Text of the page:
Smith began his career at Publix as a rail dock associate and was promoted to shipping/receiving manager in 1988, senior purchasing analyst in 1991, manager of manufacturing supply purchasing in 1993, director of deli and bakery manufacturing in 2001 and director of fresh product manufacturing in 2004. In 2005, he was promoted to his current role as VP manufacturing. Smith earned his bachelor’s degree in business from Murray State University.
With Smith’s promotion to SVP, Jeff Stephens will be promoted to VP manufacturing. Stephens began his career at Publix as a rail dock associate. He was promoted to lab technician in the dairy plant in 1983, quality control foreman in 1986, quality control manager in 1988, general manager of dairy plant in 2000 and director of fresh product manufacturing in 2005. In 2010, he was promoted to his current role of director of manufacturing operations. Smith earned his bachelor’s degree in biology from University of South Florida.
Diabetes costs have risen 41% in five years, study finds
ALEXANDRIA, Va. — The cost of diabetes has increased by more than $70 billion over the past five years, according to new research from the American Diabetes Association.
The ADA announced the release of a report estimating that the total costs of diagnosed diabetes had risen 41%, from 2007’s $174 billion to $245 billion in 2012. The report, Economic Costs of Diabetes in the U.S. in 2012, was commissioned by the ADA and addresses increased financial burden, health resources used and lost productivity associated with the disease.
"As the number of people with diabetes grows, so does the economic burden it places on this country," ADA chief scientific and medical officer Robert Ratner said. "The cost of diabetes is rising at a rate higher than overall medical costs with more than one-in-10 healthcare dollars in the country being spent directly on diabetes and its complications, and more than one-in-five healthcare dollars in the U.S. going to the care of people with diagnosed diabetes."
According to the organization, nearly 26 million Americans are living with diabetes — mostly Type 2, which results largely from lifestyle factors — while an additional 79 million are at risk of developing Type 2 diabetes, a condition known as prediabetes. The total costs include direct medical costs of $176 billion and indirect medical costs of $69 billion, including absenteeism, reduced productivity, unemployment resulting from disability and lost productivity due to early mortality.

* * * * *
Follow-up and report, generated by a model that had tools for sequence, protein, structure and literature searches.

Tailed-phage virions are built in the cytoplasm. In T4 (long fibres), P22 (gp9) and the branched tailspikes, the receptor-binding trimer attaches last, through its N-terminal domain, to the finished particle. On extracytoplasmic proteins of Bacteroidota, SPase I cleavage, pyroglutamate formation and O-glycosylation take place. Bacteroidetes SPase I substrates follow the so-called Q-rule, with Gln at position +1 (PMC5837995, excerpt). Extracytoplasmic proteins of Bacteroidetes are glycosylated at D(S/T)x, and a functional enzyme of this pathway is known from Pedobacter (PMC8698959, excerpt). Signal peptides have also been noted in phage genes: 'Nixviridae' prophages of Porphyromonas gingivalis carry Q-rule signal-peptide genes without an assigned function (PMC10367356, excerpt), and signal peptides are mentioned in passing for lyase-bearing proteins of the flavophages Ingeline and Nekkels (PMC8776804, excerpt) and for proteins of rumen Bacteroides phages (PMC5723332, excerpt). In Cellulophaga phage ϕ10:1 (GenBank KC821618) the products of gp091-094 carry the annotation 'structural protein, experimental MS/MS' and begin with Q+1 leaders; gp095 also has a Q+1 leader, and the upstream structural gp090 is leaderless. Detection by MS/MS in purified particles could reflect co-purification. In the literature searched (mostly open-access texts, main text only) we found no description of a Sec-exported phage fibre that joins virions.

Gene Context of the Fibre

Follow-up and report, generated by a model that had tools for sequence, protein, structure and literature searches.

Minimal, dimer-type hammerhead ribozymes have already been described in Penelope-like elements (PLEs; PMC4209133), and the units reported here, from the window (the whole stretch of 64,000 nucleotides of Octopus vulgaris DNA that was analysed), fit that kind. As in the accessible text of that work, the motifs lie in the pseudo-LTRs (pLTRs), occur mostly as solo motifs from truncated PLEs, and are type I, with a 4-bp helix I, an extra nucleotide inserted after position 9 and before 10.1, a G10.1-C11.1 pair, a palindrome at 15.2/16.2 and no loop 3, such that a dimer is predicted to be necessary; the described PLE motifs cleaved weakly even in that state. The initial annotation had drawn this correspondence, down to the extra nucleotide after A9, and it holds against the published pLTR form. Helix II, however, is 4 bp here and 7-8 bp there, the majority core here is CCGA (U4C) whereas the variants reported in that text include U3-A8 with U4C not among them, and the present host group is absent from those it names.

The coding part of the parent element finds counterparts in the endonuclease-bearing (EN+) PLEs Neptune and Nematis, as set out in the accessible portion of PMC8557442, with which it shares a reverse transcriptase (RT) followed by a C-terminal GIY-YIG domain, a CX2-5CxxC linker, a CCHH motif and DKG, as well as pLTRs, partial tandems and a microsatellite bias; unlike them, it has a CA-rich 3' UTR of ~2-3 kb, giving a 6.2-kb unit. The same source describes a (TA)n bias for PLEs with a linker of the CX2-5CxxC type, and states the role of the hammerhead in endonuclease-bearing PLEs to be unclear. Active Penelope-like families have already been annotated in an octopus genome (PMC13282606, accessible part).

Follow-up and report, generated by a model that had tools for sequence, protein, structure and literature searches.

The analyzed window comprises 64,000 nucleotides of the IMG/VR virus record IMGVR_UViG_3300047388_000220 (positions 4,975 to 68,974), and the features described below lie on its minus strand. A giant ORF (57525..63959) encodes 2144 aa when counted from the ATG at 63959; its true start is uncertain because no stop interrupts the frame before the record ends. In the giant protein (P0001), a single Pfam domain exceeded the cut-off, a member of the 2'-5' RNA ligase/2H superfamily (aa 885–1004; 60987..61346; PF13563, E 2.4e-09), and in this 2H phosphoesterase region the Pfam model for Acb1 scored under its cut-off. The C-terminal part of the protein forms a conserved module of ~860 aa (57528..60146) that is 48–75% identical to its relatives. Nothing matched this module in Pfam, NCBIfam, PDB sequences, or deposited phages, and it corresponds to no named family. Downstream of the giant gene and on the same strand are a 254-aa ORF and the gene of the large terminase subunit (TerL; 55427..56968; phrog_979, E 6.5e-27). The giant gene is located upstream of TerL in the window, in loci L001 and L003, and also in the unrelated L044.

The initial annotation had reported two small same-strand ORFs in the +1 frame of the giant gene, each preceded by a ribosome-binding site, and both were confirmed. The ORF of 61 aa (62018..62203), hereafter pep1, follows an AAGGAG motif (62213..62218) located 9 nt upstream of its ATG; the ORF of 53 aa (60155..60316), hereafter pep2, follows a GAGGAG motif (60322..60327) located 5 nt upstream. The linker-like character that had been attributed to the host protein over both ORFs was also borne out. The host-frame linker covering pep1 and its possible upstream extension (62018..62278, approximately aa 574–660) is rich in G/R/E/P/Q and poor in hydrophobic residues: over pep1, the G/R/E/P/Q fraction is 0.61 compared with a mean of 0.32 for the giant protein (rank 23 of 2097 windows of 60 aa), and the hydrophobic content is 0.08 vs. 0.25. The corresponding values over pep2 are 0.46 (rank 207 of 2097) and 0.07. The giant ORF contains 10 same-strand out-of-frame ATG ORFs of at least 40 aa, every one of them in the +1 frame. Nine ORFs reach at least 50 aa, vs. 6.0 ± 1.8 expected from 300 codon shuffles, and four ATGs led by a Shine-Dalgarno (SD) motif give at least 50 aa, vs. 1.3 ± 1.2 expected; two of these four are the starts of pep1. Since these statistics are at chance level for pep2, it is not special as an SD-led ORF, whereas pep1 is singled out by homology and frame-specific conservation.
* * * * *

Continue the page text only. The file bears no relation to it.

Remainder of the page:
Medical expenditures for people with diabetes are 2.3 times higher than for those without the disease, and the primary driver of increased costs is the increasing prevalence of the disease in the United States, according to the report. Despite the introduction of new classes of medication for treating diabetes, diabetes drugs and supplies accounted for 12% of medical expenditures in 2007 and 2012.
The study found disparities between various demographic groups as well. Per capita health expenditures are $8,331 for men versus $7,458 for women. Hispanics had the lowest per capita healthcare expenditures, at $5,930, compared with $9,540 among blacks and $8,101 among whites. Meanwhile, government insurance programs such as Medicare, Medicaid and Tricare covered 62.4% of the cost for diabetes care, compared with 34.4% paid by private insurance and 3.2% paid by the uninsured. Among states, California had the largest population of people with diabetes and thus the highest costs, at $27.6 billion; Florida had the fourth highest population of people with the disease, behind California, Texas and New York, but the second highest costs, at $18.9 billion.
"When it comes to the rising cost of diabetes, one of the key factors explaining the increase is that there are many more people that are now being treated for diabetes in the U.S.," Ratner said. "It is important to note that while treating diabetes is expensive, it is the fact that the prevalence of the disease is increasing dramatically. Recent estimates project that as many as one-in-three American adults will have diabetes in 2050. These numbers are alarming and further highlight the need for our nation to address this epidemic."